An analyst has gathered the following information about a company: Income Statement 2005 Sales $908 Expenses COGS $512 Depreciation 6 Selling, General & Admin. 129 Interest 53 Total expenses 700 Pre-tax income 208 Taxes 83 Net income $125 Balance Sheet Assets 2004 2005 Liabilities 2004 2005 Cash 60 80 Accts. Payable 100 75 Accts. Rec. 140 155 Wages payable 80 85 Inventories 47 72 Bonds 65 80 Fixed Assets 120 160 Common Stock 40 70 Accum. Depr. (29) (35) Retained Earnings 53 122 Total 338 432 338 432 Note: the dividend payout ratio equals 45 percent. What is the Cash Flow From Financing? A. -11 B. 0 C. 4 D. -4
Bonds = +15 Common Stock = + 30 DP = -56 So CFF = -11 RE Begin + NI - Dividend Paid = RE End 53 + 125 - DP = 122 DP = 56
cpk123 is on top of the game
CFF for 2005 are: Issuance of Bonds $15 (inflow) Issuance of Common Stock $30 (inflow) Dividend Payment is $125*45% = $56.25 (outflow) Total CFF is $15 + $30 - $56.25 = -$11.25 Therefore, answer is A.
finance03 In this question – we might be just plain lucky that the two numbers - calculation thro’ RE account, and the calculation of the Dividend using the Payout ratio are identical. Couldn’t the Dividend Payout “factor” that you have calculated gone into the Dividends Payable account - in that case – would it go into the CFF calculation as an outflow? CP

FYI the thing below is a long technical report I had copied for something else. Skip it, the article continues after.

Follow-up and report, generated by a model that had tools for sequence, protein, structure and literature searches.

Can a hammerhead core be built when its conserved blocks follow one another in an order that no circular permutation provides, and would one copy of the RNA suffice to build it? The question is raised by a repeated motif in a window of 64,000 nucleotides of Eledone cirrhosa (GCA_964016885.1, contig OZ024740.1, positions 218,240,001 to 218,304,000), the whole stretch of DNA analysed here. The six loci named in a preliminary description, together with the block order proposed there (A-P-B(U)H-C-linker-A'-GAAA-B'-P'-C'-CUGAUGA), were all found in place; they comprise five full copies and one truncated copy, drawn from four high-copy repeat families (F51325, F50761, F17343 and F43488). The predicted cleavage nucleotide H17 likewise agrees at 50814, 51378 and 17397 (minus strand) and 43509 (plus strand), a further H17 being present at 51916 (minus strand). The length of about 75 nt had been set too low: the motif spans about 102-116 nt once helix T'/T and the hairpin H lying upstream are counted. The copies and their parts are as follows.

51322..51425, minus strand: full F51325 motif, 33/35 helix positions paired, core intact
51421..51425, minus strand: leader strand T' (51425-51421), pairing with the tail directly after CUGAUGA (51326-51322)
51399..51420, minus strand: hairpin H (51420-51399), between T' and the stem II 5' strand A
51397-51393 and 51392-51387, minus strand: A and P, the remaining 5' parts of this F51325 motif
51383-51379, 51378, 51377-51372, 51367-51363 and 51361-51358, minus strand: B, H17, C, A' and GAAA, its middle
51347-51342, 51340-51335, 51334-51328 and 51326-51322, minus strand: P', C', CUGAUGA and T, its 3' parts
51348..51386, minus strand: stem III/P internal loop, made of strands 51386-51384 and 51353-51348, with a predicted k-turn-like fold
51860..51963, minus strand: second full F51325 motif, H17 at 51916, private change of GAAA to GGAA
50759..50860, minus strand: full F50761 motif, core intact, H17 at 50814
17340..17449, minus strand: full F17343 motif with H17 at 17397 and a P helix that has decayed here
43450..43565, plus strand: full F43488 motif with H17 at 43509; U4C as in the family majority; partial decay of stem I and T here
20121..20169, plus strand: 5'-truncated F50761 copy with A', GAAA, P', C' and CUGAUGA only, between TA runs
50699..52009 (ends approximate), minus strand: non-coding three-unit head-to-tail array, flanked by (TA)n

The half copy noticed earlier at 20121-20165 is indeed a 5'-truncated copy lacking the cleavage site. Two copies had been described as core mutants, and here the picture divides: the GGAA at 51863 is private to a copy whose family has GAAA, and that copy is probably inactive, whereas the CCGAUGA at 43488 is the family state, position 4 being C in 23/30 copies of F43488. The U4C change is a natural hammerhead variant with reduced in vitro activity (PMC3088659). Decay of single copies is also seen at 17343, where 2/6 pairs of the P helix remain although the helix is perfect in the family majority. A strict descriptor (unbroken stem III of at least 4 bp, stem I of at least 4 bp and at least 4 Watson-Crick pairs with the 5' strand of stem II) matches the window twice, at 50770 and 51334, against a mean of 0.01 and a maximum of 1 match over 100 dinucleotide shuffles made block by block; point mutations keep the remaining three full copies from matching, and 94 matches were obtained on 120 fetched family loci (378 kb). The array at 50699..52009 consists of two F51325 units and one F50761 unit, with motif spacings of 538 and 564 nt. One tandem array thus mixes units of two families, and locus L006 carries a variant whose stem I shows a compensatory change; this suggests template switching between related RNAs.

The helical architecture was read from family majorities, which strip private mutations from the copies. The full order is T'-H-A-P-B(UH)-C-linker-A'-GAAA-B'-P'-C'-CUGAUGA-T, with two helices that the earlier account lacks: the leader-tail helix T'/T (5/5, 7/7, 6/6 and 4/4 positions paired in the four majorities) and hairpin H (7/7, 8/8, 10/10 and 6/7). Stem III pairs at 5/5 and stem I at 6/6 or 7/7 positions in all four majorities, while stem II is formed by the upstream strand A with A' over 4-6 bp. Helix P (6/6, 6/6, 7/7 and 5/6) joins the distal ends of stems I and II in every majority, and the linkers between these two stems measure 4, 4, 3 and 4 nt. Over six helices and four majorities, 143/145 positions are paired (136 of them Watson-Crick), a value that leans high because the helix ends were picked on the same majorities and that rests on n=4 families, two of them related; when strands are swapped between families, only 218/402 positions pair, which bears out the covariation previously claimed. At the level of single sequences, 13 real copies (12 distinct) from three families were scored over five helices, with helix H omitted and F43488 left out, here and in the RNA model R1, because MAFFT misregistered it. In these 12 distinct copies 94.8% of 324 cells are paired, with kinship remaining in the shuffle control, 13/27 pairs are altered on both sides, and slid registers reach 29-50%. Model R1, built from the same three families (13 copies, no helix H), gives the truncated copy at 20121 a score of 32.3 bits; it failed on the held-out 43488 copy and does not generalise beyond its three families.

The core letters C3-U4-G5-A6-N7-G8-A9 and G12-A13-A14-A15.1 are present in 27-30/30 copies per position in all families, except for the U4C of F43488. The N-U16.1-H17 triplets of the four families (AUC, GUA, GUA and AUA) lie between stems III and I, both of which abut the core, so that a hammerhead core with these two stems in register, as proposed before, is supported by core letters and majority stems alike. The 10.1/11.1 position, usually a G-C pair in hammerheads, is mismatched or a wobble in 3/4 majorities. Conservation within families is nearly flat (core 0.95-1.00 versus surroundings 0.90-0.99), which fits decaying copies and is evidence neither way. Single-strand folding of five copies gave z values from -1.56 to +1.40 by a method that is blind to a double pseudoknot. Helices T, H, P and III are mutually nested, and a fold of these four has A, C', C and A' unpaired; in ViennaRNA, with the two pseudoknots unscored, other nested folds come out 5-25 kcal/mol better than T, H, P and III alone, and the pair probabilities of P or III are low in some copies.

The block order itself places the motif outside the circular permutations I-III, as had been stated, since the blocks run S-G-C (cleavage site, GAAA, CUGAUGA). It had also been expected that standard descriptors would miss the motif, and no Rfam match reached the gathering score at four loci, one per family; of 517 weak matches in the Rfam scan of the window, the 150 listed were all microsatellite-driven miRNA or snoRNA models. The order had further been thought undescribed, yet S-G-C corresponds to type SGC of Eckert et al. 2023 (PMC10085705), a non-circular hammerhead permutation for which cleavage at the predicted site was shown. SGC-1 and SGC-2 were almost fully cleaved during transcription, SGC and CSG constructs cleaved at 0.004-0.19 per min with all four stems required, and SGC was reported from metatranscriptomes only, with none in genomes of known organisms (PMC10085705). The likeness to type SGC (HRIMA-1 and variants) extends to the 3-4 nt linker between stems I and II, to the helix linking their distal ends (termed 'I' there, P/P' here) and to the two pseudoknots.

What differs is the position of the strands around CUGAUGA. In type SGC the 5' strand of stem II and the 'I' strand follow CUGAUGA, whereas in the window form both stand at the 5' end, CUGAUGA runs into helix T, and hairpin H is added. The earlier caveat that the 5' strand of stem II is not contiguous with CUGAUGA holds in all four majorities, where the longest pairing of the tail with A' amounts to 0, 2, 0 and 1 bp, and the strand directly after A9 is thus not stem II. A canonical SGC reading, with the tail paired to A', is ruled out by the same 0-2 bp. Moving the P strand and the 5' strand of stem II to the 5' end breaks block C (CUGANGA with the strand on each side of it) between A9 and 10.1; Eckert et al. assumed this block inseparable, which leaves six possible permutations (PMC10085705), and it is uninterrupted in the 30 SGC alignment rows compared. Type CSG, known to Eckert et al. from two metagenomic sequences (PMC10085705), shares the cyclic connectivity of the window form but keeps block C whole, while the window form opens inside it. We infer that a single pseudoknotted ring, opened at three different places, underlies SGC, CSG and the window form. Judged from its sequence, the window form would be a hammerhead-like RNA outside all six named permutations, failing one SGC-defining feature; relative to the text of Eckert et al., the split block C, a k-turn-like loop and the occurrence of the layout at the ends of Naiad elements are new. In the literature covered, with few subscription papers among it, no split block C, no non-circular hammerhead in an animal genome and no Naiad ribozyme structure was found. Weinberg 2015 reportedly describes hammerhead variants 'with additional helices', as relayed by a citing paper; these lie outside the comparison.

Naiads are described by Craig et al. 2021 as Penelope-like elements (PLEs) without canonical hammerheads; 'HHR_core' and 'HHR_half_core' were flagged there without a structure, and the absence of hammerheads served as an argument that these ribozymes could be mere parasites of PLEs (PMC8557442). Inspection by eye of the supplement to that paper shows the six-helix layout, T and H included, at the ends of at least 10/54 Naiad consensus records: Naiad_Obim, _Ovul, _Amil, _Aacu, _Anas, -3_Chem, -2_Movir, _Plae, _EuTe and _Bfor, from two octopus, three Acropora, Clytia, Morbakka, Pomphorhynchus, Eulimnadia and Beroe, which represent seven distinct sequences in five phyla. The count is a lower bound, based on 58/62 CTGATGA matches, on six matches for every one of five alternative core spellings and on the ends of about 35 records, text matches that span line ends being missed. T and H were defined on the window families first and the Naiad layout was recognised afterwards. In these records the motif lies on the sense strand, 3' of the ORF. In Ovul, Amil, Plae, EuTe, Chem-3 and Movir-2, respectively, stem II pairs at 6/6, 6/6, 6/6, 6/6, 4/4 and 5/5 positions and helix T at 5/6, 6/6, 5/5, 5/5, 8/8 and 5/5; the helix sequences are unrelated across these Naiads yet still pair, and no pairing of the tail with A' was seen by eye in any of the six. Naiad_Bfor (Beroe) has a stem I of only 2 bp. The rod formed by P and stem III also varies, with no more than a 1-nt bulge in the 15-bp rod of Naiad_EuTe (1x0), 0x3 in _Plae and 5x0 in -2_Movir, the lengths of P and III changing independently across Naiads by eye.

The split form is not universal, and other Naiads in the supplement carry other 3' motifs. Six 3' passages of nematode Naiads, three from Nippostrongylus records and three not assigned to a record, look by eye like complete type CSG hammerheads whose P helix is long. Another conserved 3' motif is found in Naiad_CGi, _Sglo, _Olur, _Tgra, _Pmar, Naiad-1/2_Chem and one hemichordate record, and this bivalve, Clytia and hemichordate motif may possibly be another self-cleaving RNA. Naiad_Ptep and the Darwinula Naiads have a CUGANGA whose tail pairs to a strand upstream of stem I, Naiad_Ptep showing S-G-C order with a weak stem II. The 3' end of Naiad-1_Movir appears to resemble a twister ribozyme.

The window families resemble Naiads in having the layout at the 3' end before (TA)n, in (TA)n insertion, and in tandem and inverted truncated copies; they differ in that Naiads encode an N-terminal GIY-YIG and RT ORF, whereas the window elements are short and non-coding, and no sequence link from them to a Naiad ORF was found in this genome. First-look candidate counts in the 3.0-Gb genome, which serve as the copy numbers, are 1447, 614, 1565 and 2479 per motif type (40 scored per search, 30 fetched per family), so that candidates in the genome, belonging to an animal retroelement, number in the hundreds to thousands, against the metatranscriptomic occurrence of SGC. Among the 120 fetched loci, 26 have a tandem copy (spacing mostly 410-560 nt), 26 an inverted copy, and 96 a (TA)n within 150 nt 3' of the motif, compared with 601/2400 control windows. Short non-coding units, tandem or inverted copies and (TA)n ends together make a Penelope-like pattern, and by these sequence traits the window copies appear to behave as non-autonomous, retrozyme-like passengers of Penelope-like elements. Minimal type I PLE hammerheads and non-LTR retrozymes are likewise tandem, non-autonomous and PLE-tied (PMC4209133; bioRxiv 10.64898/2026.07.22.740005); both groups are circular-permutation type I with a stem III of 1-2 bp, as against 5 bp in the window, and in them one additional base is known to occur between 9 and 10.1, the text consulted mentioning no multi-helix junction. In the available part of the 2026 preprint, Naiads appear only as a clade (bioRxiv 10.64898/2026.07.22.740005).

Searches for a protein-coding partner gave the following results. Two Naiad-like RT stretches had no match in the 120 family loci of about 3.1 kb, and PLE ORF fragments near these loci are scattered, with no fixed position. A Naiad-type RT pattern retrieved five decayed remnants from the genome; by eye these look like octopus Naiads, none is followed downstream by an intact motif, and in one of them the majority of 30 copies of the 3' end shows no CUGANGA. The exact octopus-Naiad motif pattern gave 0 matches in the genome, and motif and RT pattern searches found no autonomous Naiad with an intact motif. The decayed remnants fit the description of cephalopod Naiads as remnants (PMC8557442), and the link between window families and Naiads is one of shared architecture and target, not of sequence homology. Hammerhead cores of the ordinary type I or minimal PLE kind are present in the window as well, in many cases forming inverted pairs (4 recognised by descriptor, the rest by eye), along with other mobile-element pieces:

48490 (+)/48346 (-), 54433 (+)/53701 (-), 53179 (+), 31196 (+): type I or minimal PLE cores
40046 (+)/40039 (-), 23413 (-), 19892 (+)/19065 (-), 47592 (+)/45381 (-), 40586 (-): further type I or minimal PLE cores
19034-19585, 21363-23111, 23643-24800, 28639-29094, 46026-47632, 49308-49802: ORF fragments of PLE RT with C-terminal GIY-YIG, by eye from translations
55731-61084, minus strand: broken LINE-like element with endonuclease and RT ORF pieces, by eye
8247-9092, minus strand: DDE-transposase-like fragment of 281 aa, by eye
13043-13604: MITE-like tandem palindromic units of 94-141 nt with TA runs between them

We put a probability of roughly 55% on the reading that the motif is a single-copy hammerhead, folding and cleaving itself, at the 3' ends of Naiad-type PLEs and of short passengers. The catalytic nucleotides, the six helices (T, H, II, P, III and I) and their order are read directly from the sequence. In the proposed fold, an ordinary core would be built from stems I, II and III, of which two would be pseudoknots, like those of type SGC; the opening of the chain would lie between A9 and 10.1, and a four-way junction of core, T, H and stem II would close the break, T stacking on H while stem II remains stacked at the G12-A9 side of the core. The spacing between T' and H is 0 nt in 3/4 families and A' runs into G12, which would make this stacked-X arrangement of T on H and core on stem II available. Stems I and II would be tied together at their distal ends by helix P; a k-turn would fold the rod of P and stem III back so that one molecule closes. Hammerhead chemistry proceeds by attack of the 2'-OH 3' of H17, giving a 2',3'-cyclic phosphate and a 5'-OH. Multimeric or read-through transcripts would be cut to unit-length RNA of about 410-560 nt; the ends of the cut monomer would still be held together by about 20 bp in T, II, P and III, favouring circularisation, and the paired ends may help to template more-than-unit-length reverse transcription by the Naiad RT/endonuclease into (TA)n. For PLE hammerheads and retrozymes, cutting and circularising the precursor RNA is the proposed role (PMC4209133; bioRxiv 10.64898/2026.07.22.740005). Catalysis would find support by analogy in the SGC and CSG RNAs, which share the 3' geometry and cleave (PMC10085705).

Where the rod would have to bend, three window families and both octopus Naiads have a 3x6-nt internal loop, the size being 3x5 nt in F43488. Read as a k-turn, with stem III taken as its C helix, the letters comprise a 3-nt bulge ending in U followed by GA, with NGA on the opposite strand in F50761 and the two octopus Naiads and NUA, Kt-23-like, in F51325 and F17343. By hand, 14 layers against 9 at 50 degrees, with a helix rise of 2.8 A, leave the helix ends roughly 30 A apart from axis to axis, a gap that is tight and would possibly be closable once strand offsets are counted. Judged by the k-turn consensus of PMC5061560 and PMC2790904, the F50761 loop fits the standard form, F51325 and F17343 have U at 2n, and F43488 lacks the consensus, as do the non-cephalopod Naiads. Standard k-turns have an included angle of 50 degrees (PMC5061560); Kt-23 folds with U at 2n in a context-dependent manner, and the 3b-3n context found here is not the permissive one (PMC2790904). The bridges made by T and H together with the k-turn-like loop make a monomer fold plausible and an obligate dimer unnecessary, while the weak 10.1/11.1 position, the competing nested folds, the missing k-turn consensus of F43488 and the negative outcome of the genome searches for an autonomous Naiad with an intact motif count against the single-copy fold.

CFF = (issuance of Bonds) (15) + (issuance/sale of Common Stock) (30) – Dividends (56) = -$11 nice work, you are all on top of your game. I think it’s easy to overlook the div payout raio on the statement of cash flows. I just got this question wrong because I forgot to include the divadends. Ans = A
cpk- I made my calculation based on the assumption that dividends were paid in full for the period, and there were no dividends from prior periods that were paid. On the balance sheet, there is no entry for dividends payable in either 2004 or 2005, which indicates there is no change in dividends payable, which leads me to assume the dividend was fully paid out. If there was indeed a change in dividends payable from 2004 to 2005, I would have first started from the $125 * 45% number, then adjusted my answer by subtracting the amount of the decrease in dividends payable or likewise adding the amount of the increase in dividends payable. Slightly different from the way you did it but obviously doing the exact same thing! Please let me know if there is anything wrong with this reasoning. Thanks
divident payout ratio of 45% is redundant information.
Maratikus, if dividend payout ratio is given, without a mention of retained earnings or change in dividends payable, it can be used to calculate CFF. I understand that it is redundant information here, but you can also make the claim that the retained earnings information is redundant is this context because there are no changes in dividends payable.
i agree with you, finance03.